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ile Hooker's bears south-west of Dalton, and McPherson, with a large army, is aiming at Resacca, intion of his force to confront and drive back McPherson. Others believe that the quiet was owing totowards Rocky Face, protect Palmer's right. McPherson with Logan's Fifteenth army corps, and Dodgerder: Schofield, Howard, Palmer, Hooker, and McPherson, the latter holding the extreme right. Ateral Dodge thought best to do so, or had General McPherson deemed it prudent, we might then have oc some stragglers, was in or around Resacca. McPherson immediately started in pursuit. Ere this, hlast letter gave an account of operations in McPherson's command on the right, up to saturday nightwn directly upon or near the house where General McPherson and General Dodge and staff were stoppiny. On Friday morning Rome was occupied by McPherson, who came upon the place suddenly, and prevee no particulars of what was accomplished by McPherson's command, but I learn that the Fifteenth co[27 more...]
Thursday and Friday, May 5 and 6. The army, or at least the Fourth, Fourteenth, and Twenty-third corps, which had arrived at advanced positions, remained in its position of Wednesday, awaiting the arrival of General Hooker's and General McPherson's corps, who marched around to our right, preparatory to a flank movement upon the enemy's left, for the purpose of turning it. General Sherman arrived at the front to-day, and in company with other general officers, rode along the lines, minutely inspecting the country, and familiarizing himself with the position of his command. This morning at an early hour, a small force advanced upon the enemy, who, in small force, held Bald Knob, a small hill about a mile south of Catoosa Platform, and drove them from it without the loss of a man on either side. This morning Morgan's brigade of Davis' division were on picket, when a squad of rebels, mounted, came up within three hundred yards of our pickets, and called out, Will you exchange co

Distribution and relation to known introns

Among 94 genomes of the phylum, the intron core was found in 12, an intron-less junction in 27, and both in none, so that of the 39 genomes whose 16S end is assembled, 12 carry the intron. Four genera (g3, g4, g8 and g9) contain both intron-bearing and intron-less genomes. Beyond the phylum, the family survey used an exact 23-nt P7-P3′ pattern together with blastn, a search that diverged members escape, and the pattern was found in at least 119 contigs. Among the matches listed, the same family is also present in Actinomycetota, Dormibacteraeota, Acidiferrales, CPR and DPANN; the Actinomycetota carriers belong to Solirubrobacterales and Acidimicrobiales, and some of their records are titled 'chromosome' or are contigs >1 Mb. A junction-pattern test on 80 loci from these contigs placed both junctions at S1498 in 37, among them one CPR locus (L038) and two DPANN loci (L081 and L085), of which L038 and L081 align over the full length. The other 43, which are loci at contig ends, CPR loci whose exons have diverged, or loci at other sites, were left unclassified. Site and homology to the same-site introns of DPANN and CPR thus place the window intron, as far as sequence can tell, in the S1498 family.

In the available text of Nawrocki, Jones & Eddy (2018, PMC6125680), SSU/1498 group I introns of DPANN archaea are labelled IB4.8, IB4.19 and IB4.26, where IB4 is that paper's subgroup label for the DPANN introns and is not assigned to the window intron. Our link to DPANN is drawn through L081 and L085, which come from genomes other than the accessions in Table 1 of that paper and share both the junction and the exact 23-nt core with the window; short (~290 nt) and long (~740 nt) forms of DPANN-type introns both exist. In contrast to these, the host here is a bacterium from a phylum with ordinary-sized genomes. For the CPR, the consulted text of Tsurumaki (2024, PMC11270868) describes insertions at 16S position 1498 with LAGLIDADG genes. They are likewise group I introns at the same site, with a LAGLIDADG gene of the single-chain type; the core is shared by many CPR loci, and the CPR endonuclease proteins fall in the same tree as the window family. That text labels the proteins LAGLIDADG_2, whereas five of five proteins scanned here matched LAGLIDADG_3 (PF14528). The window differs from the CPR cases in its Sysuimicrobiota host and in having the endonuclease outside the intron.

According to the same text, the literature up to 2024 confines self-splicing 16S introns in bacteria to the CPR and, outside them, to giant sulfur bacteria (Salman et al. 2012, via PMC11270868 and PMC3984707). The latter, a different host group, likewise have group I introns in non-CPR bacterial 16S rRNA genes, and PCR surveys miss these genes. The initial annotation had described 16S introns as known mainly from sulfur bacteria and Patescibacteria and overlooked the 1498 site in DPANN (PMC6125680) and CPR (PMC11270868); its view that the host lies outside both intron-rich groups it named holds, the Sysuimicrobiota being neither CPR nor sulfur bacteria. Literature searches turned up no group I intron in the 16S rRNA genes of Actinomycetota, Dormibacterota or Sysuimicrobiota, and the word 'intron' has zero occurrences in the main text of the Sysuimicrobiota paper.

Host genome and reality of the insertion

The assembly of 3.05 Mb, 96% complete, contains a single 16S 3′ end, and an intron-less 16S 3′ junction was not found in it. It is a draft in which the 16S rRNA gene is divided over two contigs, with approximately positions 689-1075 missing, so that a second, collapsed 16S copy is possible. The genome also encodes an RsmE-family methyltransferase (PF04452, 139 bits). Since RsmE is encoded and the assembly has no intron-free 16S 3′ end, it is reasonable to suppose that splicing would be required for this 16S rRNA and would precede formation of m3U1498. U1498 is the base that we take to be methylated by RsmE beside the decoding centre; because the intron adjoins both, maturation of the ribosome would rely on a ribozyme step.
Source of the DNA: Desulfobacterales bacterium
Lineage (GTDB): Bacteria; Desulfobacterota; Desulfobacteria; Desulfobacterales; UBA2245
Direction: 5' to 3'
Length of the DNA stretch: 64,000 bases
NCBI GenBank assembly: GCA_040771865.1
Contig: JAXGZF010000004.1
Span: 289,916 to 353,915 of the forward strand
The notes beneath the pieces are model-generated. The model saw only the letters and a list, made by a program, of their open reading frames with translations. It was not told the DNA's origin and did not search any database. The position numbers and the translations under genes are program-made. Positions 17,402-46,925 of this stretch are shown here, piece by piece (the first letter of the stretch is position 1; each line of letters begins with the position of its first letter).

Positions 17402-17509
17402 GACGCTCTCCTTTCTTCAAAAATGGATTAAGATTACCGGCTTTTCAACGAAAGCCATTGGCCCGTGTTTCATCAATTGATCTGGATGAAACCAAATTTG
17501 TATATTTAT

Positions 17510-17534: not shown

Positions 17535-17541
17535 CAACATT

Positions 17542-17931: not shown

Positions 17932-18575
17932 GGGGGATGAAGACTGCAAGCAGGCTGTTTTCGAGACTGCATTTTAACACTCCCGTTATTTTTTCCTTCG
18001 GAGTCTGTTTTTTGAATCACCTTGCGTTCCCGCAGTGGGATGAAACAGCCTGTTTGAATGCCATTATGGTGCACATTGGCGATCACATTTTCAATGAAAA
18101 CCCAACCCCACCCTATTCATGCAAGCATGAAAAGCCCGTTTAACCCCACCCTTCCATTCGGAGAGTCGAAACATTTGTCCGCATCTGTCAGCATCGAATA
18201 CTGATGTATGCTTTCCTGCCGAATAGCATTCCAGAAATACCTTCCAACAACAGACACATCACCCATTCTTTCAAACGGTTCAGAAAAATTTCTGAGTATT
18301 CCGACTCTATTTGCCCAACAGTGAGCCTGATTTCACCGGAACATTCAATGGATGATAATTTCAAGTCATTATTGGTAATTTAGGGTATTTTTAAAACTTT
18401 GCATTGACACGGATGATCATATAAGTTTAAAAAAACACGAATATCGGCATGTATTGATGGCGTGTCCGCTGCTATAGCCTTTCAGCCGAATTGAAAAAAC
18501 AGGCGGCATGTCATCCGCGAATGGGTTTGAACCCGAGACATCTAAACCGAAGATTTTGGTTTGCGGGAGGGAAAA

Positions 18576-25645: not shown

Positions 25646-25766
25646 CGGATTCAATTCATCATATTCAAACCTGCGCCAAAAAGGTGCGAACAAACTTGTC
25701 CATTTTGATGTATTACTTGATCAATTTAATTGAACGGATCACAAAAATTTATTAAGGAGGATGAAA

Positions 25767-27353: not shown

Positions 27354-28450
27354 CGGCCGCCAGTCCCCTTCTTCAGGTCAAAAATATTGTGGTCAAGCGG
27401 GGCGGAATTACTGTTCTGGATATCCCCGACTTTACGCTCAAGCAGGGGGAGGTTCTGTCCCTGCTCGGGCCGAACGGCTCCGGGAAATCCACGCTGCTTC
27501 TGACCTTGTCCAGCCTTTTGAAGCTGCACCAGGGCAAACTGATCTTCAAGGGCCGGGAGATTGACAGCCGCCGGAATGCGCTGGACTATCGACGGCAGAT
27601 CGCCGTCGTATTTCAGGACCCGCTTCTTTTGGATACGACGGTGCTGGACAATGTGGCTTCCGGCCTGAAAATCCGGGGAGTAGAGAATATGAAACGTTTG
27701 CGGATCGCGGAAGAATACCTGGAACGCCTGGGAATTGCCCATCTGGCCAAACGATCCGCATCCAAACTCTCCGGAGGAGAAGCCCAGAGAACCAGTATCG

so stubbornly on the twenty-sixth and twenty-seventh of February. Brigadier-General Wood's skirmishers were engaged during the day on the left of Stanley extending to the base of Rocky Face. The day has not brought on a regular engagement, though it has witnessed the repulse of a gallant charge made by two brigades of Geary's division of Hooker's corps. As I have already said, Schofield's corps is working east of the rebel positions, while Hooker's bears south-west of Dalton, and McPherson, with a large army, is aiming at Resacca, in the rear of the rebel works at Dalton. Geary's division is in front of Dug Gap, in John's Mountain, which is a precipitous elevavation four and a half miles south-west of Dalton, covered with forests, some undergrowth, and loose with tumbling boulders. About three o'clock this afternoon Colonel Buschbeck's and Colonel Candy's brigades, the first consisting of the One Hundred and Nineteenth, One Hundred and Thirty-fourth, One Hundred and Fif
ions on the left of Dalton. Brisk firing was heard in the direction of his position, and I learn to-night that he holds, like the centre and right wings of the army, every foot gained during the day. A despatch was received at noon from General McPherson, who had occupied Snake Gap, near Resacca, in Chattanooga Mountains, with his force, on Sunday night, which was within six miles of Resacca at that time. The General is directly on the enemy's flank, and it is very strange that he was permpy so vital a defile without great opposition. His present position is about thirty miles in the rear of Dalton, and in all probability the enemy, in finding his flanks and rear exposed, will fall back from the gap in front of Dalton, and give McPherson battle, or retreat hastily without offering fight. The loss of Newton's division (chiefly in Harker's brigade) on Rocky Face Ridge, was, up to last evening, one field and one line officer and fifteen men killed, and three line officers and t